The domain has 680 by 250 grid points with a grid spacing of in both directions, so representing 204 km in the x direction and 75 km in the y direction. There are 147 levels in the vertical. The vertical grid spacing is 50 m up to a height of 4 km, it increases linearly to 200 m up to a height of 12 km, and then increases linearly up to 1000 m up to the model top at 16 km. Periodic boundary conditions are chosen for all lateral boundaries. The time step is 2 s with each simulation run for 6 h. The first 3 h are spent on model “spinup” (hours 1–2) and approaching a quasi-steady state (hours 2–3). All results presented are 3-h averages from hours 3 to 6. Sensitivity tests with a smaller time step and a longer duration (up to 9 h) showed only minor changes in the output.
A suite of physical parameterizations are implemented in WRF. The thermal diffusion land surface scheme is used to implement the surface heating on the top of the volcano (Skamarock et al. 2008). Heat and moisture fluxes are parameterized by the MM5 similarity scheme, based on Monin–Obukhov theory (Monin and Obukhov 1954) with Carlson–Boland viscous sublayer and standard similarity functions from lookup tables (Dyer and Hicks 1970; Paulson 1970; Webb 1970; Beljaars 1995). The relatively complex six-phase “Purdue–Lin” microphysics scheme is used, based on the studies by Lin et al. (1983) and Rutledge and Hobbs (1983). This scheme was chosen because deep convection past the freezing point was expected (Hong and Lin 2006).
The radiation, boundary layer, and cumulus schemes are switched off for all simulations. While it is acknowledged that diurnal effects play an important role in mesoscale circulations in the tropics, we wanted to isolate the impact of volcanic heating on the atmosphere without the complication of a diurnal cycle. The lack of a radiation scheme does not grossly affect the magnitude of the surface heat fluxes (controlled by the soil and surface layer models). As no simulations last more than 9 h and as the focus of the study is on a quasi-steady response, then not implementing a radiation scheme is appropriate. At the current resolution, the boundary layer scheme is not needed as primary eddies are explicitly resolved (Bryan et al. 2003; Kirshbaum and Fairman 2014).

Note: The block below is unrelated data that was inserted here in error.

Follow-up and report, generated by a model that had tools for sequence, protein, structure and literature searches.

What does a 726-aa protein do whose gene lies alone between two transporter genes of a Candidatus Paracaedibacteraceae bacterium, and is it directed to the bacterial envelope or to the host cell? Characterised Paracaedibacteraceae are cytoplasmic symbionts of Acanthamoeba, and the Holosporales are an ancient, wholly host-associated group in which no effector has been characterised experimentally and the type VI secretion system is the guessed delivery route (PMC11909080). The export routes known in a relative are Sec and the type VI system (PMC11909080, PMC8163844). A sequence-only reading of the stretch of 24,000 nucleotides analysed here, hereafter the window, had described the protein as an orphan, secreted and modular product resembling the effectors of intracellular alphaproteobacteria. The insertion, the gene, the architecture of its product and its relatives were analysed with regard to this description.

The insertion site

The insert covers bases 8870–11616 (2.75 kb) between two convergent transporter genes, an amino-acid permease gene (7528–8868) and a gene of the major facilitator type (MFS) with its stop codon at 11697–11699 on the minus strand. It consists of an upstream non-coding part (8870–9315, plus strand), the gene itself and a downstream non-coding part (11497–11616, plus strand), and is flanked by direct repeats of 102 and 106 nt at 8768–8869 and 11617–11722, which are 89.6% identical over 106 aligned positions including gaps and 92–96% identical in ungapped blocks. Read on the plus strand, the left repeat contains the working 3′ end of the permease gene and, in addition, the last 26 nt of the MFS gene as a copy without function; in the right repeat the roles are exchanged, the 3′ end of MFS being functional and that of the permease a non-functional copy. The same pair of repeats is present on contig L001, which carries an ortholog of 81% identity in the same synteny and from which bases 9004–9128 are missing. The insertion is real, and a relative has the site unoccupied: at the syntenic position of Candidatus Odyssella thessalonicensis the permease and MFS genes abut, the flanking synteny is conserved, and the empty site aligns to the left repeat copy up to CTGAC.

Aside from these schemes, an option for diffusion that evaluates mixing terms in physical space and 1.5-order TKE closure is used in all simulations. Note that, on initiation, a random perturbation is imposed on the mean temperature field at the lower four grid levels () to kick off turbulent motion and then the atmosphere is rebalanced hydrostatically. Coriolis force is used with . A Runge–Kutta third-order time scheme is used for the computations. A fifth-order and a third-order scheme are used for momentum and scalar advection, respectively, in the horizontal and vertical dimensions (Skamarock et al. 2008). A w–Rayleigh damping layer with an inverse time scale is used above 8 km to reduce the errors from spurious gravity waves being reflected on the top of the domain (Klemp et al. 2008), and sixth-order monotonic horizontal diffusion is applied to all variables for stability and to minimize spurious behavior at poorly resolved scales (Knievel et al. 2007).
c. Initialization sounding